How important are “local” shops to you.

As an owner of a Harrogate based company most people think that I live in Harrogate, but actually for the last 30 years apart from a spell at university I have lived in and around Ilkley.

It was a moment of great pride for me personally when we opened our Ilkley shop in August 2007 and I felt it hit all the right buttons in terms of being a local business, run by local people, serving the local community.

Over the four years since we opened I have seen major changes in the composition of the shops in Ilkley. There are now less and less “local” shops and restaurants and more and more national chains taking prominence on our high street. Next week sees the opening of the new Wetherspoons.  We also have a Piccolinos,  a Pizza Express and the soon to open Bistro Pierre. As for shops we have the new large Tescos, soon to be developed, along with a new Morrisons Express and rumours of a Sainsburies local. There are Costa Coffee and Cafe Nero, Dorothy Perkins, Mountain Warehouse and White Stuff to name a few more.

There is nothing necessarily wrong with these shops but what impact do they have on the local business community? How hard does it make it for Avantti or Smooth to have both Cafe Nero and Costa across the road? Has the opening of the new Boyes damaged the trade for Mortons?

The key element to me is that local business’s help stimulate the local economy. If my business does well I spend my money locally as do the people I employ and my wife and children. I saw a banner in Otley the other day which encapsulated how I feel. It simply said “shop local and Otley prospers”, the same applies for Ilkley. In my view local does not just have a geographical meaning but it is about supporting local business and business owners.

It is not only the big chains that can cause problems for local business. I get frustrated  three days a week to see a fish van from Whitby pull into the Ilkley car park. Ignoring my concerns about the lack of refrigeration and other health and hygiene issues of this vehicle plus the fact that he doesn’t pay rates, rent, wages etc the very fact that he takes your cash and disappears back to Whitby to spend it in his local economy grates a little with me.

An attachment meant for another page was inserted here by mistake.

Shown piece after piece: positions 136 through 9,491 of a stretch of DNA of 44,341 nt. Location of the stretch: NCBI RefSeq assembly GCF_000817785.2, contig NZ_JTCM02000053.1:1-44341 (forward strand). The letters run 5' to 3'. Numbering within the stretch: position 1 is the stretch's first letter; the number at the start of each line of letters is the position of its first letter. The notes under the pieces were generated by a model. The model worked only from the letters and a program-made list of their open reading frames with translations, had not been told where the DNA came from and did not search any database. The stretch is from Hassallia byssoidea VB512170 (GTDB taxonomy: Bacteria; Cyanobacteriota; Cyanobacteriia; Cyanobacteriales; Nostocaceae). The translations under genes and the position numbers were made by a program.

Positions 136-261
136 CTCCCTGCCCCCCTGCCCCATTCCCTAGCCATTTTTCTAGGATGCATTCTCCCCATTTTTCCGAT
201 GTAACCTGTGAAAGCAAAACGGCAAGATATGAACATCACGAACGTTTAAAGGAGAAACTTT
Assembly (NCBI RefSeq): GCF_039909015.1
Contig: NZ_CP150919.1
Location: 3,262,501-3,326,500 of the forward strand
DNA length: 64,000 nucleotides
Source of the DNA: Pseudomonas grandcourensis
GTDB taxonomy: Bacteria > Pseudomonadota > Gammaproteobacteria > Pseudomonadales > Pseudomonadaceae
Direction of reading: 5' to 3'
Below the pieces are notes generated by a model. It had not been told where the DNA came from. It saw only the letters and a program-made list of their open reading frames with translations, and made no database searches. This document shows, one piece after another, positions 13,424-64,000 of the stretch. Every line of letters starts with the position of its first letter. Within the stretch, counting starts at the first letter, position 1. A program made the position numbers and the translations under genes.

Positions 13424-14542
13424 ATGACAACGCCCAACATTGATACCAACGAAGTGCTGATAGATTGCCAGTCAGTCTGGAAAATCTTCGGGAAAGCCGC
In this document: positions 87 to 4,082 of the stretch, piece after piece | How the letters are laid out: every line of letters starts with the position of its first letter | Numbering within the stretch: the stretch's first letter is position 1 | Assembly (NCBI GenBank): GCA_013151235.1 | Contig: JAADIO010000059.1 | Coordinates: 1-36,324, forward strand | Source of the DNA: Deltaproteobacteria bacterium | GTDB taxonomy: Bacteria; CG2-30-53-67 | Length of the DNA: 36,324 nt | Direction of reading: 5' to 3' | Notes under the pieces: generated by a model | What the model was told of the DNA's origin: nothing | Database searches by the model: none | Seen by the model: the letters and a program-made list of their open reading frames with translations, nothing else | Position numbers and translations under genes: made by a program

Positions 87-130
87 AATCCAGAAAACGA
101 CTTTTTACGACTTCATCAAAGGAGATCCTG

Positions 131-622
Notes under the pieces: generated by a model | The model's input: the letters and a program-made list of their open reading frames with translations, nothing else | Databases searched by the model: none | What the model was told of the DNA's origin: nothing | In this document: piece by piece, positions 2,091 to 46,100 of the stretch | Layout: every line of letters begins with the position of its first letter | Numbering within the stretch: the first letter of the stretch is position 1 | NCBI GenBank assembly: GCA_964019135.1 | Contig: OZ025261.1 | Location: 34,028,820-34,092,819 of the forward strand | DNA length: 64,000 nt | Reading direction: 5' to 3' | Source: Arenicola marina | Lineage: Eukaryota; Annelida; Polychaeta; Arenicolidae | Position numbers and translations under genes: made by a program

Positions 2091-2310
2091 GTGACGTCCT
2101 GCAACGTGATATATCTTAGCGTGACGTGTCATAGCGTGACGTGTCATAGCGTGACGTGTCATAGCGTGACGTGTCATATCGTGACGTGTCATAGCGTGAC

As a consumer you are entitled to spend were you wish and in all honesty even if he wasn’t in the carpark not all of those who buy their fish from him would come to me, but it does highlight to me the issues of spending your money locally with your towns local business’s. Think of it like the 70’s “Buy British” campaign but just a micro version.

Now I may be getting hot under the collar about nothing and the ownership of the shops you shop in may have little concern for you but I wonder if there is some way that you the consumers and us the business owners can work together for the benefit of the community in which we all live. Lets be honest in these testing times we need you to support us.

I am not talking just about thinks like offers, discounts or loyalty cards, although we will be introducing one of those in the near future. No I am talking about a way that benefits the town and the people directly by consumers using truly local business’s.

I am not clear exactly how it might work, perhaps a scheme where the business donates money as a proportion of the customer spend? I did try to set up a scheme to raise money for local schools by setting aside a day such as Wednesday where for every £100 spent by participating customers we would donate £5 to a local school fund to raise a total of £5000. I spoke to a couple of people at the Grammar School but the scheme never got off the ground due to a lack of interest on their part.

I don’t know but I think there could be something good that could come out of a scheme such as this.

I would be very grateful to hear your comments as to whether this is or isn’t something you are interested in.

I look forward to hearing your comments.

One Response to How important are “local” shops to you.

  1. Phil Keenan June 3, 2011 at 12:08 pm #

    Great posting Jonathan!

    I promote local produce throughout Lancashire and this is exactly the message I give when I talk to my prospective members.

    I’ve been a business owner in Lancashire for more than 11 years and always endeavoured to source as much of my equipment, products and services as locally as possible (even if they’ve cost that little bit more).

    By promoting local produce, with food obviously being at the front end of what I do and my main goal being to attract more customers and sales for food businesses, the bigger picture is to circulate more money in the local economy and for this money to be spent with other local businesses generally.

    If a greater number of people were to keep this in mind when making their choice of what to shop for and where, then perhaps we could at least make the current financial slow down a little easier for ourselves on a more local basis.

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